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Freddie to play club cricket Down Under

CA are keen to help injured Flintoff recover in time so as to make the Ashes win more sweet.
None | By Agence France-Presse, Sydney
UPDATED ON JUL 25, 2006 03:45 PM IST

Cricket Australia said Tuesday it wanted to help English Test stars such as Andrew Flintoff overcome their injuries -- because it would make defeating them to reclaim the Ashes so much sweeter.

England has been plagued with injuries since claiming the Ashes for the first time in 18 years last September, with all-rounder Flintoff the latest sidelined as he undergoes surgery on a troublesome ankle.

England chairman of selectors David Graveney has suggested Flintoff and injured spinner Ashley Giles play club cricket in Australia to regain match fitness before the touring squad arrives in Australia in November.

Cricket Australia (CA) had no reservations about aiding its oldest enemy, enthusiastically embracing the prospect of "Freddy" Flintoff playing club cricket Down Under.

"We have a burning ambition to win back the Ashes, there's a vacant spot in our trophy cabinet, but we want to do it against a full strength, fully fit England side," CA spokesman Peter Young said.

"We would hate to have a hollow victory against a touring second XI."

Young said Australian and English fans had made the upcoming tour a sellout and CA wanted to repay their faith by trying to ensure they saw the best players performing during the series.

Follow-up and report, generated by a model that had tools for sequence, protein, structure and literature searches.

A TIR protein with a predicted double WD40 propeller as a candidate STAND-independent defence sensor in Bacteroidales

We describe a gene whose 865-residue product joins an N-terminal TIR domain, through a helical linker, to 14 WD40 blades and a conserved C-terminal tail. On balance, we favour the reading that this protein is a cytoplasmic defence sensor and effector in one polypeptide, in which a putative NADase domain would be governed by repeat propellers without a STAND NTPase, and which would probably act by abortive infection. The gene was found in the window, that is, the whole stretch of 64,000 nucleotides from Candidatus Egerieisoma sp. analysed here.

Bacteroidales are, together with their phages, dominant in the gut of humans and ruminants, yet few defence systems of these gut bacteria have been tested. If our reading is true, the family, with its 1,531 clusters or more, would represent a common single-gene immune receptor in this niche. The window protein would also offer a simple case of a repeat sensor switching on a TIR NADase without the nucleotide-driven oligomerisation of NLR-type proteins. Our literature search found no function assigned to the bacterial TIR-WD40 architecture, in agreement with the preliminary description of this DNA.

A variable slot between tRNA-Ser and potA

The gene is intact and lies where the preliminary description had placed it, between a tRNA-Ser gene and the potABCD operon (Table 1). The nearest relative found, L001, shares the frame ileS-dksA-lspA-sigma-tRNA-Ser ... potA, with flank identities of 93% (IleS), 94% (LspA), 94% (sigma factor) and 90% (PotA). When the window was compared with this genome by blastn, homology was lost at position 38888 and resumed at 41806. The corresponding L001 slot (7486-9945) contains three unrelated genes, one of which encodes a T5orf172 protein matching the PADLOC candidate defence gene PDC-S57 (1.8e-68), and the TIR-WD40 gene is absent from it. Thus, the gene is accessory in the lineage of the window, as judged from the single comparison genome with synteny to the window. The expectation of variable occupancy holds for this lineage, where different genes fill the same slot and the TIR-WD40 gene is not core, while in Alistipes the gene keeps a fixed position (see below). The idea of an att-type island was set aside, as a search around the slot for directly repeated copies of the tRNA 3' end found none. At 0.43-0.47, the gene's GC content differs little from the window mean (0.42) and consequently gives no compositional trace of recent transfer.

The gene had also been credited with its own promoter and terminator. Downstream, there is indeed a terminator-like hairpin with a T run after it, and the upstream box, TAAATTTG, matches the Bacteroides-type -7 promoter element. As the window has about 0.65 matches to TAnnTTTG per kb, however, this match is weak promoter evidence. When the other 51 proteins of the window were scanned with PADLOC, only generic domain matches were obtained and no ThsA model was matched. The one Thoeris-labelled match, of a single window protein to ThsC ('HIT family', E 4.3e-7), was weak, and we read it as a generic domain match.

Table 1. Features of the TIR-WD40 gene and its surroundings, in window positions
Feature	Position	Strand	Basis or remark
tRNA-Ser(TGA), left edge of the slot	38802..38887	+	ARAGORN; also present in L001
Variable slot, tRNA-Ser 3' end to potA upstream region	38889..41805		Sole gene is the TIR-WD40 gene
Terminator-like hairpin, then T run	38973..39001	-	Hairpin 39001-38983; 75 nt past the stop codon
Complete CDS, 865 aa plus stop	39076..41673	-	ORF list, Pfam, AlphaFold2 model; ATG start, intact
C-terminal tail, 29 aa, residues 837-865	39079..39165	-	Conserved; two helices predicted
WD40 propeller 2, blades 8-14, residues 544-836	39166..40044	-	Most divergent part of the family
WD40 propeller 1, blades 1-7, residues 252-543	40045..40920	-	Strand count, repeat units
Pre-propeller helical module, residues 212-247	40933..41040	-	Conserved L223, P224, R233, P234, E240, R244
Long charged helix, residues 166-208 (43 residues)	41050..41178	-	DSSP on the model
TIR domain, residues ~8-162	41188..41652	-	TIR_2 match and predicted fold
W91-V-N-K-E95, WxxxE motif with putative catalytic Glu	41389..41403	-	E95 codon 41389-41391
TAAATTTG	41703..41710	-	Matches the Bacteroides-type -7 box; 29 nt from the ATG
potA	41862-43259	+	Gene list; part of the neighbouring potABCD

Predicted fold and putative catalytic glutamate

He also revealed Australian cricket clubs were falling over themselves to secure the services of Flintoff, the player-of-the-series in the last Ashes clash.

"We've already had a number of inquiries from clubs, " he said.

"Australian cricket is excited about the possibility he will play here. It would be tremendous experience for a club player to be on the same side, or to play against, someone of Flintoff's stature in the game."

Injuries have also sidelined Flintoff's fellow Ashes-winning bowlers Ashley Giles (hip) and Simon Jones (knee), who could also seek match practice in Australia.

However, some Australian newspaper are already questioning whether England should be offered any assistance, with Sydney's Daily Telegraph asking readers "should we be helping the enemy?".

Young was unfazed by such questions.

"Cricket is a game that generates a great deal of passion among the public and obviously some people will think this is not a good idea," he said.

"We happen to think it is."

He said CA had received no approach from English cricketing authorities and arranging club cricket contracts was a matter for individual players.

The first Ashes Test begins in Brisbane on November 23.

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